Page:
Public enemy #1? (Thinkstock)
Movie popcorn is a rip-off. We all know this, but what we choose to do with this information depends on the person. Some of us choose to smuggle in store-bought food, other go hungry. Joshua Thompson calls his lawyers.
The Michigan man is suing AMC Theaters over $8 he spent on a Coke and a box Goobers at movie theater concession stand in December. He says he'd pay three times less than that at a nearby drug store, and he's right.
"He got tired of being taken advantage of," Thompson's lawyer, Kerry Morgan told the Detroit Free Press. "It's hard to justify prices that are three- and four-times higher than anywhere else."
That kind of price inflation is unlawful in the state under the Michigan Consumer Protection Act, claims Thompson, a security technician in his mid-20s. He's asking the court for refunds for overcharged customers, a civil penalty against the chain and consumer justice for all.
Legal experts told the Free Press Thompson's chances of success are slim to none, because theaters are regulated and protected from the MCPA. But the support he's gotten from movie-goers around the country may be enough for theater chains to drop their prices, if only to avoid more smuggled in snacks.
Back in 2009, the website Gizmodo found that popcorn prices have seen 666% increase since they were first introduced in theaters in 1929. They claimed the average small popcorn has gone from 5 cents to about $4.75.
That number seemed exceptionally low, considering a small is usually about fifty cents less than a large which is how you end up rationalizing spending seven bucks on enough butter-soaked popcorn to feed a clown car.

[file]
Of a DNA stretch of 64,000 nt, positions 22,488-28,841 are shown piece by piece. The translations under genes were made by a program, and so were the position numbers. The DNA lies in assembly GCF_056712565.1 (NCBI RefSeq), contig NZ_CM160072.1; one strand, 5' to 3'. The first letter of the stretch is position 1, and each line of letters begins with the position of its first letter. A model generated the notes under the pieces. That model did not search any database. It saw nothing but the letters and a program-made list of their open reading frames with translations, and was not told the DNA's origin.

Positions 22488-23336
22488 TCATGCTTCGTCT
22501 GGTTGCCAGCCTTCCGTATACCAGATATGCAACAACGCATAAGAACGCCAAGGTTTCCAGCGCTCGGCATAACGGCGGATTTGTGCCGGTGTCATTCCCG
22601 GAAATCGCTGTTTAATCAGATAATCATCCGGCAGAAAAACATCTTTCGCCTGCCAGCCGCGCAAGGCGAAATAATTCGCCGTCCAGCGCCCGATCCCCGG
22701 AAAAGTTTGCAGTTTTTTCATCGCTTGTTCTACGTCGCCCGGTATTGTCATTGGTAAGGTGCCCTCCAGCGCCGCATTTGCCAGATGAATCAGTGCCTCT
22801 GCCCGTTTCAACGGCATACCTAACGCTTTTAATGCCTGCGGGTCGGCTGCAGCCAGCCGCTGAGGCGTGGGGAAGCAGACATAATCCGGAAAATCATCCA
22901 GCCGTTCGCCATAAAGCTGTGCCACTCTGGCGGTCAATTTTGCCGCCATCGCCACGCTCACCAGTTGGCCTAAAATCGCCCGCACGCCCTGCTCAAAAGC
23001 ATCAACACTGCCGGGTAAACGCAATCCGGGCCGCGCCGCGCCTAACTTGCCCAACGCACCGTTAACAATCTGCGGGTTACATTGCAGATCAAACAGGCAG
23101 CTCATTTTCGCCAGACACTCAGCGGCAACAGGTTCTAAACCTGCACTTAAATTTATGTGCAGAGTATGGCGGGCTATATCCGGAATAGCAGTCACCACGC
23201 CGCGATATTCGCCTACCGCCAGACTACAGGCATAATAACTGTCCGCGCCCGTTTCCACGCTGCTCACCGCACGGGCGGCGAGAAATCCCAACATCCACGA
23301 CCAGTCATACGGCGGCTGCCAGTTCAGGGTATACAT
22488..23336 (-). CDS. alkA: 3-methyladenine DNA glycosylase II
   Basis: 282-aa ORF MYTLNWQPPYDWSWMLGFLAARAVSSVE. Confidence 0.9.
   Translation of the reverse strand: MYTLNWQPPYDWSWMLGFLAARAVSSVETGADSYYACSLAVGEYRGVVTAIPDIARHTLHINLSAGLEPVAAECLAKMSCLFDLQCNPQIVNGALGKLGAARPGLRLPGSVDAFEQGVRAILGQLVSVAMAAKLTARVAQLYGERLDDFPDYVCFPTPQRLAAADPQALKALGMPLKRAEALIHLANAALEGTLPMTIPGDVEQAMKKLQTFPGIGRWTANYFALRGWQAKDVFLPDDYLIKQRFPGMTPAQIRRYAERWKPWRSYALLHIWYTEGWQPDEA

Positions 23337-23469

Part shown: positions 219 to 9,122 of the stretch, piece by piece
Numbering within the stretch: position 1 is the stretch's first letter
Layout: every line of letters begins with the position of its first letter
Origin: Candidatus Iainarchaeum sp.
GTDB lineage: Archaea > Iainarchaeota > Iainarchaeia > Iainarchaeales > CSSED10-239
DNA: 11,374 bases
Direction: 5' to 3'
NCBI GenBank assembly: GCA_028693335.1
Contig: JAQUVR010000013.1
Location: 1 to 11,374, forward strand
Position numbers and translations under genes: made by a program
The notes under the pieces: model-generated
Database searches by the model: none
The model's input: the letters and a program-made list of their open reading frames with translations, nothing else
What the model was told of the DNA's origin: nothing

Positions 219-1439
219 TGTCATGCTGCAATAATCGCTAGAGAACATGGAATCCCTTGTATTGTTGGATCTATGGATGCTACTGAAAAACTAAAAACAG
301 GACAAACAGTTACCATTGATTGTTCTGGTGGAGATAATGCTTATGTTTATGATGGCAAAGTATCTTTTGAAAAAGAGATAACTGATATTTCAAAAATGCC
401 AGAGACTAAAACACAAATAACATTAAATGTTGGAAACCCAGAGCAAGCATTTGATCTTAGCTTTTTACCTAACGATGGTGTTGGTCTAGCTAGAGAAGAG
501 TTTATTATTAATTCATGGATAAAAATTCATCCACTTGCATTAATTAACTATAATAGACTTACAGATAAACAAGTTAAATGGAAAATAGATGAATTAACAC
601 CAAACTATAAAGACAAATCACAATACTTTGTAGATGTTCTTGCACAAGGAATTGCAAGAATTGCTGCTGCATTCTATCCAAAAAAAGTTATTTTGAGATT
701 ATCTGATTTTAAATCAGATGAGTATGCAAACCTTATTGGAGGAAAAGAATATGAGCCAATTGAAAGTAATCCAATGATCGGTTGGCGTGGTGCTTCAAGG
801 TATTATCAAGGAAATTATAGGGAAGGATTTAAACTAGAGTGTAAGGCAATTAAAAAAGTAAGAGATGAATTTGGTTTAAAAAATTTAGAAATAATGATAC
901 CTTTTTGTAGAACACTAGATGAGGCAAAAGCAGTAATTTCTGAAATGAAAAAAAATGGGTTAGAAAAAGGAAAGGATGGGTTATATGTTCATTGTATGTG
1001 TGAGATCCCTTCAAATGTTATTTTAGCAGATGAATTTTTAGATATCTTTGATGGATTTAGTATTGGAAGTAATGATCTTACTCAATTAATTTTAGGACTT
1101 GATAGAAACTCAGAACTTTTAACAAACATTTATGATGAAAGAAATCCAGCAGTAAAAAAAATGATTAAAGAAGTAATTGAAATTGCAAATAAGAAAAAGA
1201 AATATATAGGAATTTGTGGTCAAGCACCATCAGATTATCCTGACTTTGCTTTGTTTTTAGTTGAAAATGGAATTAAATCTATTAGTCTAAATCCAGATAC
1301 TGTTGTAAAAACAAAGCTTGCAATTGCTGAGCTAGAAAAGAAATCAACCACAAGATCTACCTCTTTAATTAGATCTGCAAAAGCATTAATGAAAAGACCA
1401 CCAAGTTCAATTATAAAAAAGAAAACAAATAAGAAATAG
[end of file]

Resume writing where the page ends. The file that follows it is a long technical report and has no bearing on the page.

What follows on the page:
In a call to a New York City-based AMC IMAX theater, I found out a large bucket of popcorn and a large drink would run me $13.25. Factor in the $13 movie ticket and I won't be able to afford dinner later (which is fine because my stomach will feel like a water balloon filled with pebbles.)
So why do theaters want to gouge our wallets? Aren't we already paying enough for the ticket and who can afford it all these days? I was surprised to find a lot of significant research by economists on this very subject.
In a joint research project between Stanford Graduate School of Business and the University of California, Santa Cruz, analysts theorized pricey popcorn kept movie prices lower. Hard to believe, I know. But consider this: Hollywood snatches over 70% of the ticket sale revenue. With movie-goers opting for movie downloads and more affordable Netflix nights, box office numbers are at record lows and the first to feel the pinch are the theaters themselves.
Enter $13 snacks. Concession sales account for roughly 40% of a given movie theater's profit. Without it, they'd either have to raise ticket prices or become another parking lot. In simpler terms, if you don't supersize it you could be charged even more for admission.
So maybe we should be shelling out for bottomless boxes of goobers, or as I like to call them, moneyballs. I'll be honest, I probably won't. I'd still pay more for my movie ticket in exchange for drug-store priced snack options. Would you?
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Public enemy #1? (Thinkstock)
SUPPER CLUB PICK
My after-school snack was a sacred ritual. I sat on the carpet in my parents' bedroom at a low table, the television turned to "I Dream of Jeannie," and ate a peanut butter and honey sandwich cut into neat squares. I wasn't fussy about crusts. I just loved the sticky pairing of creamy peanut butter with syrupy golden sweetness drizzled from a honey bear in diagonals across the soft white bread. Nothing else--save for maybe apples and peanut butter in a pinch--could have made for as sweet an